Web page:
Greason: Well, thank you. That means a lot to me. When I’m writing, I’m just letting the characters tell me where they want to go, and then I’m trying to fashion some kind of plot around that, but this book pretty much wrote itself. They just took it over and I had a blast writing it. I found the music that they each loved and I just went to town letting them tell the story. But after I finished, I thought this would be a really a great Netflix or HBO Max limited series, but the odds of that happening? You never know. It would be a wonderful vehicle for three actresses.
Digest: Well, what does it mean to you that you made a career pivot years ago and it’s been a success?
Greason: Well, I would say I’ve been prolific at it but not successful at it [laughs]. It’s more, “What does it mean that you decided to leave a secure job on DAYS OF OUR LIVES to never make a living as a writer?” That’s pretty much what happened. When I was leaving DAYS, I remember so many voices of authority warning me, like, “This is a terrible, terrible idea to leave this secure job. You can’t make a living writing poetry.” But I had just discovered that I had a voice and I was so excited and I just wanted to write. So I am a writer. Thirty years of novels and short stories and essays and screenplays and TV pilots. I wrote a really fun TV pilot with my friend, Joey Gironda, called [BOBBI & OLIVIA] that won Best TV Sitcom Pilot at the Studio City Film Festival and that was fun. I did for quite some time pitch a pilot about a personal assistant to a soap opera star, and I really wish that would have taken off. I even wrote a screenplay with Shannon Sturges [ex-Molly, DAYS]. We’re still really good friends. She has a huge acting studio in L.A. now and is very successful, but we wrote a screenplay called Scenes From My Parents’ Basement about a soap star who loses everything and has to move into her parents’ basement, loosely based on my experience, turning 40 in my parents’ basement, which was fun. So the writing life for me has definitely not looked anything like I expected. It has definitely been a roller coaster so I’m very grateful to have not given up and to still be writing and to have this book out, which is so delightful after so many decades of hard work. This book is not political, but it is coming out at a very interesting time for women and it brings up a lot of emotion for me. So I’m really happy that the women in my book win.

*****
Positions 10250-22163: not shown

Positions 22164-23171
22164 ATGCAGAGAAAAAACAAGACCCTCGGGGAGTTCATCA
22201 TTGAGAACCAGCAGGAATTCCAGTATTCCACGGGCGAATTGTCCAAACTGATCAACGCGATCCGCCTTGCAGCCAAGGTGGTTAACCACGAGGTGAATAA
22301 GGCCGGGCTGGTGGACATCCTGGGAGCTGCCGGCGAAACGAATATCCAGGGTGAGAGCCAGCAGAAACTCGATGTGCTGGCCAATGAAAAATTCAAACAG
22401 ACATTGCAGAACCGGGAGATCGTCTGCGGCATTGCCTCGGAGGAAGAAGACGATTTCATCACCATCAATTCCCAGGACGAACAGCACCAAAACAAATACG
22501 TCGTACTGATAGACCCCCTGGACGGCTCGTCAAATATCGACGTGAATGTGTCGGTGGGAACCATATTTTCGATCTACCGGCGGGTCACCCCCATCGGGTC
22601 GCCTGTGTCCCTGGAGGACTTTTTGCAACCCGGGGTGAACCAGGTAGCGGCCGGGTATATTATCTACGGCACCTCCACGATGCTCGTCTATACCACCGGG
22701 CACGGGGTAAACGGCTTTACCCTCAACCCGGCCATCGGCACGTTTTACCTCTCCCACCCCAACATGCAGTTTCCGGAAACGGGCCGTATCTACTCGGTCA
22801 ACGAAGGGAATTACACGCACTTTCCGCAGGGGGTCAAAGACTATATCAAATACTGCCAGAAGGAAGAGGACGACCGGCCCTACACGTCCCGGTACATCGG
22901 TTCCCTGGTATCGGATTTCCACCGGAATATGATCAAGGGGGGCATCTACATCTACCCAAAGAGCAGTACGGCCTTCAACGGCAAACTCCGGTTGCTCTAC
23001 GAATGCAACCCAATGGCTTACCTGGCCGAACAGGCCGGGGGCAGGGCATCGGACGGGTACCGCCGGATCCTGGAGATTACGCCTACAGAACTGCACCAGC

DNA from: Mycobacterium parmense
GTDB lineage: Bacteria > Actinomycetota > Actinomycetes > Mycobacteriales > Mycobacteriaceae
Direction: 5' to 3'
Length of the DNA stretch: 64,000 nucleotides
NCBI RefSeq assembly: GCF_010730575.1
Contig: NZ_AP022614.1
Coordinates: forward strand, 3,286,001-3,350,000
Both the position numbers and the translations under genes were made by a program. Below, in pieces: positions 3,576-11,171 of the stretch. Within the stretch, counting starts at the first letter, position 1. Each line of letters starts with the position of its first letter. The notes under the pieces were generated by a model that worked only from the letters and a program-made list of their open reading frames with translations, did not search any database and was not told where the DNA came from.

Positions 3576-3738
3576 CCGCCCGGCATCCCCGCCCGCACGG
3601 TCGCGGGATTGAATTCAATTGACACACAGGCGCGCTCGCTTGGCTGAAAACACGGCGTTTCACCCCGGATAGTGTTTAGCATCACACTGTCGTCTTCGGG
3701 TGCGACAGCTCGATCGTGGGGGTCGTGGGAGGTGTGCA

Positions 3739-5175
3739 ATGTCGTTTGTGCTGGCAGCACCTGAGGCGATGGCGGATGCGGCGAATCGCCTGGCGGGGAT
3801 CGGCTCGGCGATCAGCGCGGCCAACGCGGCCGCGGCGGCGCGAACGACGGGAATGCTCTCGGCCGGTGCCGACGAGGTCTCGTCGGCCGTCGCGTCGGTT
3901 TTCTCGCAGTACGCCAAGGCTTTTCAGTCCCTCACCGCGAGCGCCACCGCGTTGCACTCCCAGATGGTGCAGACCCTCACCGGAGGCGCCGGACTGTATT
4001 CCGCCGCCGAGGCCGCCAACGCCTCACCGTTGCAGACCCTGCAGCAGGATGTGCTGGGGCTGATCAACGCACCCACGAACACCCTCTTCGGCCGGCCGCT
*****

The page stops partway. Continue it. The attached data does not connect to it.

Digest: Do you miss acting? Would you ever go back?
Greason: I would love to go back if it were for, say, an independent film or something where I could just be au naturel. But I don’t ever want to have to go back and try to look pretty. I’m 58 years old. My husband thinks I’m pretty and that’s good enough. And because I’m too chicken to get any work done. I’m just too scared. I’ve had spinal fusion surgery and I’ve had knee surgery and it really hurts to have surgery! The recovery time is quite intense. I don’t have any judgment on a little here, a little there; it looks good. And then I think, “Oh, I want to lift my neck.” But I’m just going to do a Nora Ephron and Diane Keaton and wear turtlenecks in the summer. But that’s the thing about acting. I really, really loved expressing myself that way; it’s so healthy and it feels great to give viewers a cathartic experience. I loved working with so many creative people on a set. That whole family situation is just the best. It really is the best. Writing is very lonely but I love writing, and being in front of the cameras just makes me really neurotic.